WEA Scotland Director  e-brief: May 2022

Content: 

This e-brief provides a snapshot of the work WEA Scotland has achieved over the last six months. 

The report is split by location and the three objectives for our work. These are to; improve the skills profile of adults with low or no qualifications; reduce the number of adults from disadvantaged communities living in poverty; and improve the health and wellbeing of adults from disadvantaged communities. The locations are split as follows: 

-    National 
-    Aberdeen
-    Edinburgh, including Fife & Lothian 
-    Falkirk 
-    Glasgow and Ayrshire 
-    Highlands 
-    North East 

National 

Outcome 1: Improve the skills profile of adults with low or no qualifications

Across Scotland we deliver employability programmes where learners are given support, both in a one-to-one and group setting. 

In a group setting, where learners can benefit from peer support, learners will build generic employability skills on topics such as literacy, numeracy, confidence building, and digital skills. This development is then underpinned by one-to-one support for learners with additional needs, such as those with disabilities, dyslexia, learning difficulties or those who are survivors of historical abuse. The impact of these courses can be found under each region. 

We also run a Personal Assistant Network, which provides a range of online courses and events to enhance the knowledge and skills of those on the programme. In the Personal Assistants Network, 153 learners have achieved a range of online awards in health and social care and significantly increased their knowledge skills and practice. Subjects they have tackled include, challenging behaviour, communications, dementia care, infection control, person centred care, and safeguarding principles of care. 

Lastly, across Scotland we work with a range of trade unions, including STUC and SUL, to deliver a range of employability and upskilling programmes – such as National Level 3 Award from SQA. Through this work, almost 100 learners reported improvements to their skills and capabilities.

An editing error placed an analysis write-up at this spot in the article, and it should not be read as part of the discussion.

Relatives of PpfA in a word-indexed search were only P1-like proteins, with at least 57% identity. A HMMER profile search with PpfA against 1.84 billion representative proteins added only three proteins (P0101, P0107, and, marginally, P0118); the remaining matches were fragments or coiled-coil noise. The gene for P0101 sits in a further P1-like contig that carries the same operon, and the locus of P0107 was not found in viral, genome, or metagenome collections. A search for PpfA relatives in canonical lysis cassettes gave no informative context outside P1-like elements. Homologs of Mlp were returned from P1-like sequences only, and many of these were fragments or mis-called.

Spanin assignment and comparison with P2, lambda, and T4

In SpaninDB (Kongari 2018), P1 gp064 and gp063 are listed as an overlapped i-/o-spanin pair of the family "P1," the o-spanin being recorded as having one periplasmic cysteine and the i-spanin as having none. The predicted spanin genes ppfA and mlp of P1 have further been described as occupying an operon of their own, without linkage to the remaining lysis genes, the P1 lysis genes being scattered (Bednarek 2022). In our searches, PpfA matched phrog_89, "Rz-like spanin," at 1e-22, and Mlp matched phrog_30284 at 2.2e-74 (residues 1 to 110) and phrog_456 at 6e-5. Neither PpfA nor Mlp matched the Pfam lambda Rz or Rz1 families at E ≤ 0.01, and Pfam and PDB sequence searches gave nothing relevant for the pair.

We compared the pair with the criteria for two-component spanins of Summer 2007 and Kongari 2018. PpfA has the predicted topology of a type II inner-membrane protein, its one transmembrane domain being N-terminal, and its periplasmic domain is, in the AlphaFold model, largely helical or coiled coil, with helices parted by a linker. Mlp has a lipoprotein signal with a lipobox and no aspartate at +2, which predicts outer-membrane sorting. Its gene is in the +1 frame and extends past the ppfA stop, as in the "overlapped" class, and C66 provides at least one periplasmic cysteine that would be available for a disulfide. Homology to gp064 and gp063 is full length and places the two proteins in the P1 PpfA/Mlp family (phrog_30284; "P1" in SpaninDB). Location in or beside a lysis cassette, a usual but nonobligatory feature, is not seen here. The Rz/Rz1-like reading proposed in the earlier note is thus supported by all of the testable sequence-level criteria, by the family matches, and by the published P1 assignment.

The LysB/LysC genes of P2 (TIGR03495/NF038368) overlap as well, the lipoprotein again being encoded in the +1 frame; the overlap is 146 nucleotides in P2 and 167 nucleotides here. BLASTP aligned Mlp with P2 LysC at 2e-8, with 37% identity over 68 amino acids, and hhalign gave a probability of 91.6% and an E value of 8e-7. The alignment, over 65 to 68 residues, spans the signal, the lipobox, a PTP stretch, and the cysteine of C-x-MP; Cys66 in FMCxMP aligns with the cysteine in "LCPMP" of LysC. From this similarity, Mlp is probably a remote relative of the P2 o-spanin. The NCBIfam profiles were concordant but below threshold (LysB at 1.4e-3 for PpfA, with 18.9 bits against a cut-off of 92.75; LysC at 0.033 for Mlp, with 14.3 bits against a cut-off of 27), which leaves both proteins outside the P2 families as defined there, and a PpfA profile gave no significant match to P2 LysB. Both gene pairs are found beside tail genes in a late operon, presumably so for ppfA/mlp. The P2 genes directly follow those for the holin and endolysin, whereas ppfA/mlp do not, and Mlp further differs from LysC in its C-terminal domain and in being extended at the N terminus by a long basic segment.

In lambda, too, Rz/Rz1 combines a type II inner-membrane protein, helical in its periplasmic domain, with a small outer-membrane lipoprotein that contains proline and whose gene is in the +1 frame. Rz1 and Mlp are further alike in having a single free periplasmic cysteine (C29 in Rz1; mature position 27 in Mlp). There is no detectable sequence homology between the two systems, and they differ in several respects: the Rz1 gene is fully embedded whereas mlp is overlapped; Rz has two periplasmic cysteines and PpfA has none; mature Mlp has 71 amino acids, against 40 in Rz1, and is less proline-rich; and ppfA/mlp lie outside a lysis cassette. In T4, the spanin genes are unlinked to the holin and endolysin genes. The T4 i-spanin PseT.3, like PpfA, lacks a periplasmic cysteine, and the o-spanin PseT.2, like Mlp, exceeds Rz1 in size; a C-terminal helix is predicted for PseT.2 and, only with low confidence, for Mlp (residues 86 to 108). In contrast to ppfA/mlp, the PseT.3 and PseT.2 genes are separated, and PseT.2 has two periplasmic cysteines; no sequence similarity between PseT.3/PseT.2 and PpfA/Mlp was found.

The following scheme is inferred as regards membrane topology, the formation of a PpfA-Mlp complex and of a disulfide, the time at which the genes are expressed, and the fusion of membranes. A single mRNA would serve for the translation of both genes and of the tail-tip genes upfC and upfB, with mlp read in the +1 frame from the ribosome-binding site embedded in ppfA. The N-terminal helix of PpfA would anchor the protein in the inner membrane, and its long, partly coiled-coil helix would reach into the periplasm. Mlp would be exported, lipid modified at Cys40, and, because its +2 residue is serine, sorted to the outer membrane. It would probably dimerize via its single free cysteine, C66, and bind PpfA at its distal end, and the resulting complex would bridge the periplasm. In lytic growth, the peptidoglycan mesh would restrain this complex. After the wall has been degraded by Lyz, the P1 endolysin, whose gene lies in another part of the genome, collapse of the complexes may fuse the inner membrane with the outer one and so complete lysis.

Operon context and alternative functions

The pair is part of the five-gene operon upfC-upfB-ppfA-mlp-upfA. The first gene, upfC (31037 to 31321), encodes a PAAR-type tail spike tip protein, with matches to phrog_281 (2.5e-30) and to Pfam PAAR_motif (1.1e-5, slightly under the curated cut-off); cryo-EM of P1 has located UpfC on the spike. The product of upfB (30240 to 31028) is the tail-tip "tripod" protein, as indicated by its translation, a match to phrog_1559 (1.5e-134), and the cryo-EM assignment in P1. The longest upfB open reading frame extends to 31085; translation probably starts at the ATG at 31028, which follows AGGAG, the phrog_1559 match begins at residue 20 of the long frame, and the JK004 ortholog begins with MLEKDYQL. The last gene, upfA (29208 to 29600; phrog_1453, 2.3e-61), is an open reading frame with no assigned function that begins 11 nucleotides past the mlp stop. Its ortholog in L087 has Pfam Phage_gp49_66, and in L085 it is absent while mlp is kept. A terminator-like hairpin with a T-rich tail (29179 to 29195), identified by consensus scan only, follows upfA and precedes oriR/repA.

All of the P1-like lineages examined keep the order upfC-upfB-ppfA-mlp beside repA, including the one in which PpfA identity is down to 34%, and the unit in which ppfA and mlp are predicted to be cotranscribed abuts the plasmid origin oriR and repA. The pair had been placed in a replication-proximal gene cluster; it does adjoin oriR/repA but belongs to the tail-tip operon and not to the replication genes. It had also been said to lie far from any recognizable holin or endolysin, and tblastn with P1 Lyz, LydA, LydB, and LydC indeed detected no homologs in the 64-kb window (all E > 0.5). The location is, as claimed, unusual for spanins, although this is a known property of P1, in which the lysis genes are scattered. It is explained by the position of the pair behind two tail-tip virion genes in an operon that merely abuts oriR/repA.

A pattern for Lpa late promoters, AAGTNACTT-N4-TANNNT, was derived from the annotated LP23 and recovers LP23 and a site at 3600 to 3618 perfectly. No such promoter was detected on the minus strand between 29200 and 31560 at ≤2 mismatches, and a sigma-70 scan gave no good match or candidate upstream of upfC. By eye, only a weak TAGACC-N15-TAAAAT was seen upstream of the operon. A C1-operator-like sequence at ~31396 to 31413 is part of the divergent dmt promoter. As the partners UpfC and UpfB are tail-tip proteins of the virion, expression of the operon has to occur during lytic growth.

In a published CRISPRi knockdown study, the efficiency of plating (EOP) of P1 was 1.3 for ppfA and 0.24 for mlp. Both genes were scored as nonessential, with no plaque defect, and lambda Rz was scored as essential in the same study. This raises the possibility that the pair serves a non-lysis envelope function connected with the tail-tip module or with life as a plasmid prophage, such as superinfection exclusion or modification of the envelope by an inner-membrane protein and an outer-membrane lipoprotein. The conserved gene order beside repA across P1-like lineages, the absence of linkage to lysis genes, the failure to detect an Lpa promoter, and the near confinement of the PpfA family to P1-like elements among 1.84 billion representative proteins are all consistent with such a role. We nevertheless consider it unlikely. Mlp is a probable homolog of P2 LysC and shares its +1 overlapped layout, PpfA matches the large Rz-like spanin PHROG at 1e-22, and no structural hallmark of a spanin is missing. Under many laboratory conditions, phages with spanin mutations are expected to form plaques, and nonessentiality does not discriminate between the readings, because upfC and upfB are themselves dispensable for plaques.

Outcome 2: Reduce the number of adults from disadvantaged communities living in poverty.

Across our programmes, virtually every learner reports that their skills knowledge and capabilities have been enhanced. This makes it more likely that they will: if in work get a better higher paying job, or if out of work, will progress into employment. 

For those who do not get into employment immediately, many opt to progress into higher levels of study – taking themselves one step closer to employability. 

We also provide Financial First Aid workshops, this includes leaflets that provide information to learners beyond the course, so that they have a source of ongoing reference on how to manage their money.

Our ESOL (English for Speakers of other Languages) projects across Scotland focus on employability skills. This includes topics such as CV preparation and interviews – as well as functional/practical language skills, such as ESOL for Driving Theory. The aim is to upskill learners and support them to become independent enough that they can move into work.